“I don’t really have studios. I wander around people’s attics, out in fields, in cellars, anyplace I find that invites me. ”
Andrew Wyeth was born on July 12, 1917. As a young child he was home-tutored by his father, the illustrator N.C. Wyeth.
At a time when many painters were looking for new directions to explore in abstract art, the realistic painter Andrew Wyeth became one of America’s most widely acclaimed artists. In his art, Wyeth’s favorite subjects were the land and people around him, both in his hometown of Chadds Ford, Pennsylvania, and at his summer home in Cushing, Maine. Wyeth often noted: “I paint my life.”
One of the best-known images in 20th-century American art is his painting Christina’s World, currently in the collection of the Museum of Modern Art in New York City. This tempera was painted in 1948, when Wyeth was 31 years old.
Students were inspired by the painting, Snowy Morning and used watercolours, acrylics and many different techniques to create their dark and stormy lighthouses.
“It’s probably hard for anyone looking at my landscapes today to realize that I was once regarded as a rebel, a dangerous influence; that I’ve been told I was on the verge of insanity, that my painting was nothing but meaningless daubs. Lawren Harris, the man most responsible for drawing the Group of Seven together, was accused of something perilously close to treason – his paintings, said his severest critics, were discouraging immigration.” – A.Y. Jackson
Recently we joined a group of mature adults and spent the afternoon creating our own fall landscapes inspired by the the work of the Group of Seven.
The Group of Seven believed that a distinct style of Canadian art should be developed through direct contact with Canada’s rugged wilderness. This style would break from European traditions and reflect an increasingly nationalistic sentiment for its paintings that were inspired by the Canadian landscape. The group of Seven was the first major Canadian art movement.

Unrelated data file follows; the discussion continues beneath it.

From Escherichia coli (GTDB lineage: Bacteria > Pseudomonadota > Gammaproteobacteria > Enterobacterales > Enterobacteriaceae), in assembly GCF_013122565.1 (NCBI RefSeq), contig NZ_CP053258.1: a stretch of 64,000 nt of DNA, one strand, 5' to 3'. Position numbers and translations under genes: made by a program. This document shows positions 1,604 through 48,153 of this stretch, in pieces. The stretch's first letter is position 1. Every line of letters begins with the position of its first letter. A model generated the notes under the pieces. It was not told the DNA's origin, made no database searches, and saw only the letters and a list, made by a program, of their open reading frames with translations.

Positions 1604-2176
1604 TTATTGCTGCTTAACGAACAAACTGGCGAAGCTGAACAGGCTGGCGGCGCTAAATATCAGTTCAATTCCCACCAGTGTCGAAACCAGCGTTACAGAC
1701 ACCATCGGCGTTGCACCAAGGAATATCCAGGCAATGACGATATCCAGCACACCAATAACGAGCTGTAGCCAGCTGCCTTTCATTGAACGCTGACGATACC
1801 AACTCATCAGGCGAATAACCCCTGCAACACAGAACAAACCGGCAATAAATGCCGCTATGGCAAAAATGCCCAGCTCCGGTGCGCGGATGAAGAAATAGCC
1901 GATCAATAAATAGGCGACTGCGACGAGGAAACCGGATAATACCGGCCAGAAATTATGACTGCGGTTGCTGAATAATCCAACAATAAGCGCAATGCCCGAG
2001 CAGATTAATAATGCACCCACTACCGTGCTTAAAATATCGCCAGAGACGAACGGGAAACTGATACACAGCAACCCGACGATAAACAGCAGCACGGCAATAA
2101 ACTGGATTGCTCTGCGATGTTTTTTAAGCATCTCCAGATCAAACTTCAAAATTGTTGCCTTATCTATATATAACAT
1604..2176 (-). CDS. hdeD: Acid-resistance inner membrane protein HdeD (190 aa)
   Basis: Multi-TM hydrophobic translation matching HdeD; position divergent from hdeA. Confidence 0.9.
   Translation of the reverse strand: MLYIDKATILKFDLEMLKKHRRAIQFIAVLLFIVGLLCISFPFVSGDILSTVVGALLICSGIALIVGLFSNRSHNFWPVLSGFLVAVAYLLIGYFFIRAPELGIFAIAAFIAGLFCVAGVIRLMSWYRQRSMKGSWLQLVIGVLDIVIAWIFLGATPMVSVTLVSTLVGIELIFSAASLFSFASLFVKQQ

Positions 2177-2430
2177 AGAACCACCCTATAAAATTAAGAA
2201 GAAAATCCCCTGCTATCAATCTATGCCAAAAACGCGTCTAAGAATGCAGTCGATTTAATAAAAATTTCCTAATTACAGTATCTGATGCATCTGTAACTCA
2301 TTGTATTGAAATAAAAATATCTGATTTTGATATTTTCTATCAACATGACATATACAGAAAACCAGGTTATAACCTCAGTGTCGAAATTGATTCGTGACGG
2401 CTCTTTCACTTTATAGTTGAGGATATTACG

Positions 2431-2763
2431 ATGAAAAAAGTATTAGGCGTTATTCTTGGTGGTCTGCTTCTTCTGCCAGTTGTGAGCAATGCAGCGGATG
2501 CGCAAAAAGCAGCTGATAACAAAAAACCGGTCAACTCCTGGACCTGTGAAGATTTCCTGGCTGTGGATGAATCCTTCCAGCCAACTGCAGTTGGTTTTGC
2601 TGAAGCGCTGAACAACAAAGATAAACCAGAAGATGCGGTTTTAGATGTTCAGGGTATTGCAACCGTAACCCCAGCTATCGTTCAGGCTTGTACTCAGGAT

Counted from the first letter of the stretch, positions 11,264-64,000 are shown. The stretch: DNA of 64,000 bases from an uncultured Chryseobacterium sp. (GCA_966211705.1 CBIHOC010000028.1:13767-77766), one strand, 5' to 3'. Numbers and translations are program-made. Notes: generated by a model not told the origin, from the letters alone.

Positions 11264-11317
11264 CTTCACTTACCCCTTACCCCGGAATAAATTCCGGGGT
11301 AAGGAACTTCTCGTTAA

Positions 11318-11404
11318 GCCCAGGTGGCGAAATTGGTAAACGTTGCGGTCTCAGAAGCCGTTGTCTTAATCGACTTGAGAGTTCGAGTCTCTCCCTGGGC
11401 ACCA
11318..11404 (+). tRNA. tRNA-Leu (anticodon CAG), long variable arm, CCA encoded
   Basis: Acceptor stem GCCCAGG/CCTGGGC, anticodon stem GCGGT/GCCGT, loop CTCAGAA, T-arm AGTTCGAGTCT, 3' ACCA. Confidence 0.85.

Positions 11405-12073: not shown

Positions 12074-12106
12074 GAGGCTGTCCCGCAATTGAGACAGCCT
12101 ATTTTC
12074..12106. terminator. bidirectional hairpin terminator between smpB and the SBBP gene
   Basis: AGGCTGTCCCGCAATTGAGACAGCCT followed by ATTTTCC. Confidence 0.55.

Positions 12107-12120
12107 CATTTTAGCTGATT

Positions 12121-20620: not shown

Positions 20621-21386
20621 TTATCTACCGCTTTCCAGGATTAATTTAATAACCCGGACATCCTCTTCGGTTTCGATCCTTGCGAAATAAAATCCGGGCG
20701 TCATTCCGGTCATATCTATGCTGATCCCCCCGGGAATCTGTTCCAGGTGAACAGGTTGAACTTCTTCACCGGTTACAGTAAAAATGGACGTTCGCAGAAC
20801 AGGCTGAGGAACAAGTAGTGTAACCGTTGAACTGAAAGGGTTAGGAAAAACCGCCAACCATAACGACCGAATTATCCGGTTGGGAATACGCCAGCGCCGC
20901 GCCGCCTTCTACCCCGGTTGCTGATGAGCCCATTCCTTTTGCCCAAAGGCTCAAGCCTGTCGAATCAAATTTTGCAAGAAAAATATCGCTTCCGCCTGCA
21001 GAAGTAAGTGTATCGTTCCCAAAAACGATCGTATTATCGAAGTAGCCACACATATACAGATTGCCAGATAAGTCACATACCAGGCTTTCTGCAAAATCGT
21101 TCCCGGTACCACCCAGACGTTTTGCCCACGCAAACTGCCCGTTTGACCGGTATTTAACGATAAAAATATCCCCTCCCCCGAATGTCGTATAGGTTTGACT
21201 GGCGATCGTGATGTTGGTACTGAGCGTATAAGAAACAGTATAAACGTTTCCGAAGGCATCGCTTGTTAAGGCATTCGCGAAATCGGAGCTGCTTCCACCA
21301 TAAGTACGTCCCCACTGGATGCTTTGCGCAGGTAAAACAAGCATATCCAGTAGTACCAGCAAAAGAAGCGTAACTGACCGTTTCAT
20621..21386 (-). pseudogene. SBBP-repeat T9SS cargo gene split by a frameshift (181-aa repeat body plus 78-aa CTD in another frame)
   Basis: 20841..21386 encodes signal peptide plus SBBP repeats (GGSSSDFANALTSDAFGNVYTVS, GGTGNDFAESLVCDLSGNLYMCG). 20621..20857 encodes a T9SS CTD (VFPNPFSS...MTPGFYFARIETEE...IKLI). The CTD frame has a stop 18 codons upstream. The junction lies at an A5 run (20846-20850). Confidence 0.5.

Gothic Art is concerned with the painting, sculpture and architecture that flourished in western and central Europe during the Middle Ages. In the years between 1100 and 1600, architecture was the most important and original art form.
We framed our artwork with a Gothic window frame and made a spooky scene filled with ghosts and a creepy tree.
“A lot of times, I don’t make what is in my head because, as I go along, it even gets better. Maybe a lot of the artists are like me. They get stuck, and as they go along, it just comes.”
A short time ago we were invited by a local Brownie group to come in and talk about a legend in Canadian art, Kenojuak Ashevak.
Kenojuak Ashevak was born in an igloo in 1927 in Ikerrasak, which is located on Southern Baffin Island. She began her career in Cape Dorset, Nunavut. She worked in graphite, coloured pencils and felt-tip pens, and occasionally used poster paints, watercolours and acrylics.
She created many carvings from soapstone and thousands of drawings, etching, stonecut prints — all sought after by museums and collectors.She designed several drawings for Canadian stamps and coins.
During our session, the Brownie’s worked with liquid watercolour paint to create the background of their piece. Next, we used foam plates to create our own owls in the style of Ashevak.
*Sources: the Canada Council for the Arts and Wikipedia.
“A drawing is simply a line going for a walk.”
– Paul Klee
Paul Klee was born in Switzerland in 1879. He was a trained violinist and studied music in Germany. He decided to devote himself to art rather than music when he was a young adult.
Klee expressed himself in different styles. His art is a blend of surrealism, cubism and expressionism. He admired the drawings of children and tried to incorporate that energy and simplicity into his work.
He taught at the German Bauhaus School of Art with Wassily Kandinsky. Klee studied and wrote extensively on colour theory and we used this for the inspiration for our pieces.
“What would life be if we had no courage to attempt anything?”
– Vincent Van Gogh
Today we introduced a new drawing medium to our class; charcoal. Vincent Van Gogh was our inspiration as he used charcoal for many of his preliminary sketches for paintings as well as using charcoal as the primary medium in many of his drawings.
We also introduced the terms: foreground, middle ground and background and explained how objects appear depending on where they are placed on the picture plane.
This project was inspired by Evergreens in Charcoal at the Bees Knees Cousin.
“Are we to paint what’s on the face, what’s inside the face, or what’s behind it?”
– Pablo Picasso
Our lesson today was inspired by the line drawing by Pablo Picasso of Francoise Gilot, the mother of two of his children. We focussed on the simplicity of line that was used to capture her portrait.
For the background we used acrylic paint and plastic cards to scrape the paint across the paper. The students really enjoyed moving the paint around without a brush. We used plastic page protectors to trace the basic lines of magazine faces.